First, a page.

This article is taken from the October 2021 issue of The Critic. To get the full magazine why not subscribe? Right now we’re offering five issue for just £10.
The antisemitism problem with G.K. Chesterton is regrettably all too real and it is not for nothing that he felt obliged to defend himself against the charge up until his death in 1936, including in his posthumously published Autobiography. The general consensus, though, has been pretty clear-cut. As far back as 1985, no less Chestertonian an outlet than the Chesterton Review carried an essay by the historian Owen Dudley Edwards detailing the antisemitism and describing Chesterton as “unhinged”.
Ingrams frequently misrepresents evidence for a case which could have been made by citing Chesterton’s own words
A similar verdict crops up in the 2001 biography of Churchill by Roy Jenkins, who said of Chesterton and his younger brother Cecil that “they were obsessed with what they saw as the conspiracies of international Jewry.” In his 2010 book Trials of the Diaspora: A History of Anti-Semitism in England, Anthony Julius was particularly unsparing, while Ian Ker’s now standard biography of Chesterton the following year described one particularly nasty letter as “utterly anti-Semitic” and the newspaper Chesterton’s brother edited as “violently and virulently anti-Semitic”.
When in 2019 the Catholic Church rejected a move by some of Chesterton’s usually well-meaning but often over-enthusiastic readers to have him considered for canonisation, his antisemitism was a stated reason.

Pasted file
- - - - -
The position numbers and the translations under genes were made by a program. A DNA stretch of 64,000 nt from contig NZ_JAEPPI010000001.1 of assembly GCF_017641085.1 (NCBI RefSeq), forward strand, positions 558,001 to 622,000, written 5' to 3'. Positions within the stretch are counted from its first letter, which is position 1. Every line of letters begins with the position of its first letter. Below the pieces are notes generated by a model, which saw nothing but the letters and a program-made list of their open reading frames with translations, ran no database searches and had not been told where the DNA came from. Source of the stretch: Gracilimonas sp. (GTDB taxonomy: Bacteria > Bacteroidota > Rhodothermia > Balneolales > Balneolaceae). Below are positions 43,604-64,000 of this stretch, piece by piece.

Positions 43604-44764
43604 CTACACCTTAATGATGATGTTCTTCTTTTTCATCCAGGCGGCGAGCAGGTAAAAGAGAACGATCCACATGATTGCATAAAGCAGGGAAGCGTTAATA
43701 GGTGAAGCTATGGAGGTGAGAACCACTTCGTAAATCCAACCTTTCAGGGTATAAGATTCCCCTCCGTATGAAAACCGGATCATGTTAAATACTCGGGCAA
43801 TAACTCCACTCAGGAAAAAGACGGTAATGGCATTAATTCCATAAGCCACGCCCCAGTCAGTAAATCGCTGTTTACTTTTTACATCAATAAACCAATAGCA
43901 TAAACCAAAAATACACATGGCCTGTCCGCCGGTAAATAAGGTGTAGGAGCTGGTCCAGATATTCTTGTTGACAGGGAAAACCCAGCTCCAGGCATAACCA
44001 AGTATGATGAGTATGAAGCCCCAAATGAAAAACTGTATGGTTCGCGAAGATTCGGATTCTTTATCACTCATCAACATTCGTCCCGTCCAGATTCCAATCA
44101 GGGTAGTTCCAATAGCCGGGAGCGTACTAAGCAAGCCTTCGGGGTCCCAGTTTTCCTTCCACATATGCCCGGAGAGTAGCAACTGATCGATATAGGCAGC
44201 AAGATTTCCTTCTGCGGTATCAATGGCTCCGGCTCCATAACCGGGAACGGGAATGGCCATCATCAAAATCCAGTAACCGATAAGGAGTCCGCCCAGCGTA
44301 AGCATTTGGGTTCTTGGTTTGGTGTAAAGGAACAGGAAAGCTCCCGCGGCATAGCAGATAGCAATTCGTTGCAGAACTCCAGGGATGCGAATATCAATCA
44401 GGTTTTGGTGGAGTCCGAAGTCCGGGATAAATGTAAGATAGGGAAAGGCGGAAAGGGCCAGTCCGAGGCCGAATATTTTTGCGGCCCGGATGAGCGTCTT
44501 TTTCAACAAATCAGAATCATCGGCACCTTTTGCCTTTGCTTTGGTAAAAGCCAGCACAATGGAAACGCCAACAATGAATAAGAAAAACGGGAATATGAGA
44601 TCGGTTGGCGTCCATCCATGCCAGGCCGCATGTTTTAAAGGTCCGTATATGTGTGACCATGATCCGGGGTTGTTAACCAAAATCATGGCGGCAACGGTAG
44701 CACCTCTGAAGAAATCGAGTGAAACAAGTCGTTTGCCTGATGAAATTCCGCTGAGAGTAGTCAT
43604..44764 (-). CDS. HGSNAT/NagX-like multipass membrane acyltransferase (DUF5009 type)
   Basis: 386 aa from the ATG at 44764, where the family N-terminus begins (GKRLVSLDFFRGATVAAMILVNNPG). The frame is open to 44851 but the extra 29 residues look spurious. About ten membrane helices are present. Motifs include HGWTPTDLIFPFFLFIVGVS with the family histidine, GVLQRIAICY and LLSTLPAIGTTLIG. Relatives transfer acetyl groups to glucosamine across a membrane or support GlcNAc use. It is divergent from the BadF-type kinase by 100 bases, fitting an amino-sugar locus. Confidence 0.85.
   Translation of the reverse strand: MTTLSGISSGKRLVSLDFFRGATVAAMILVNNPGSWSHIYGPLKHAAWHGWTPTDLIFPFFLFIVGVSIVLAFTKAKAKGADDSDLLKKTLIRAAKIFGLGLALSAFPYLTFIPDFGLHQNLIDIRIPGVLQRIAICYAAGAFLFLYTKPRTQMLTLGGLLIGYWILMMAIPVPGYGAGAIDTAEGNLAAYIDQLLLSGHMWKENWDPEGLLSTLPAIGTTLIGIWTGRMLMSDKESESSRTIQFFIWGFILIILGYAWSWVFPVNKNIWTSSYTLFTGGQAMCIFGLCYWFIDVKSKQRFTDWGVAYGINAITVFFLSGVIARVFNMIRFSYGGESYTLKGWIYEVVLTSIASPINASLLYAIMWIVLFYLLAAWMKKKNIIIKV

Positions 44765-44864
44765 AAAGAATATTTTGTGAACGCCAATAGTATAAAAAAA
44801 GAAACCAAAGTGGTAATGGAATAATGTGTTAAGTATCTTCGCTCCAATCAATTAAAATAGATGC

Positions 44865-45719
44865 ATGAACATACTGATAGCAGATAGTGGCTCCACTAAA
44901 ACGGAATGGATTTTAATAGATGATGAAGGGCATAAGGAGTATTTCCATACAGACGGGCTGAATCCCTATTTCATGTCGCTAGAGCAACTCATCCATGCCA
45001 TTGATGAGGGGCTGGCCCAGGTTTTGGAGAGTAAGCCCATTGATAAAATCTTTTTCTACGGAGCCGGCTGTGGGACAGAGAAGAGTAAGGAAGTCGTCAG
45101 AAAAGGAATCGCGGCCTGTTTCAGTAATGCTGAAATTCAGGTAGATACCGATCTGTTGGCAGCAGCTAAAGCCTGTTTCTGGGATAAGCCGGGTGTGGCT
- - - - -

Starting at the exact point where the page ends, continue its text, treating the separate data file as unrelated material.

So why a new study? Richard Ingrams, a past editor of Private Eye, claims in his introduction that Chesterton’s antisemitism has been “swept under the carpet” and that he has set out to dispel “the smokescreen created around Chesterton”, but it could easily be asked who is really trying to cast a smokescreen around whom?
Ingrams frequently misrepresents evidence for a case which could have been made by citing Chesterton’s own words. Instead, we get a triangular account involving Chesterton himself, his little-known brother Cecil, who died in a military hospital in France in December 1918, and the better-known writer Hilaire Belloc. The problem was much worse with the latter two than with Chesterton, however, and it is in the midst of this blurring of distinctions that Ingrams muddies the waters.
We hear that Chesterton was “led by the nose” and became antisemitic as a result of the malign influence of Cecil and Belloc. This is a more novel line of attack than the traditional account but it doesn’t stack up. Ingrams places the emergence of Chesterton’s antisemitism after his first meeting with Belloc, but it predates that encounter — with Chesterton already talking of “Jewish severity” in his earlier journalism.
The desire to present Chesterton as a spineless lackey leads Ingrams to say a number of other things which can easily be disproved. Ingrams writes that “Belloc’s high opinion of Maurras had been duly adopted by Chesterton”; the antisemitism of the French writer Charles Maurras was notorious even in his own time. But on almost the only occasion Chesterton ever mentioned him, in 1930, he wrote “democracy is threatened today… from the pen of Charles Maurras”.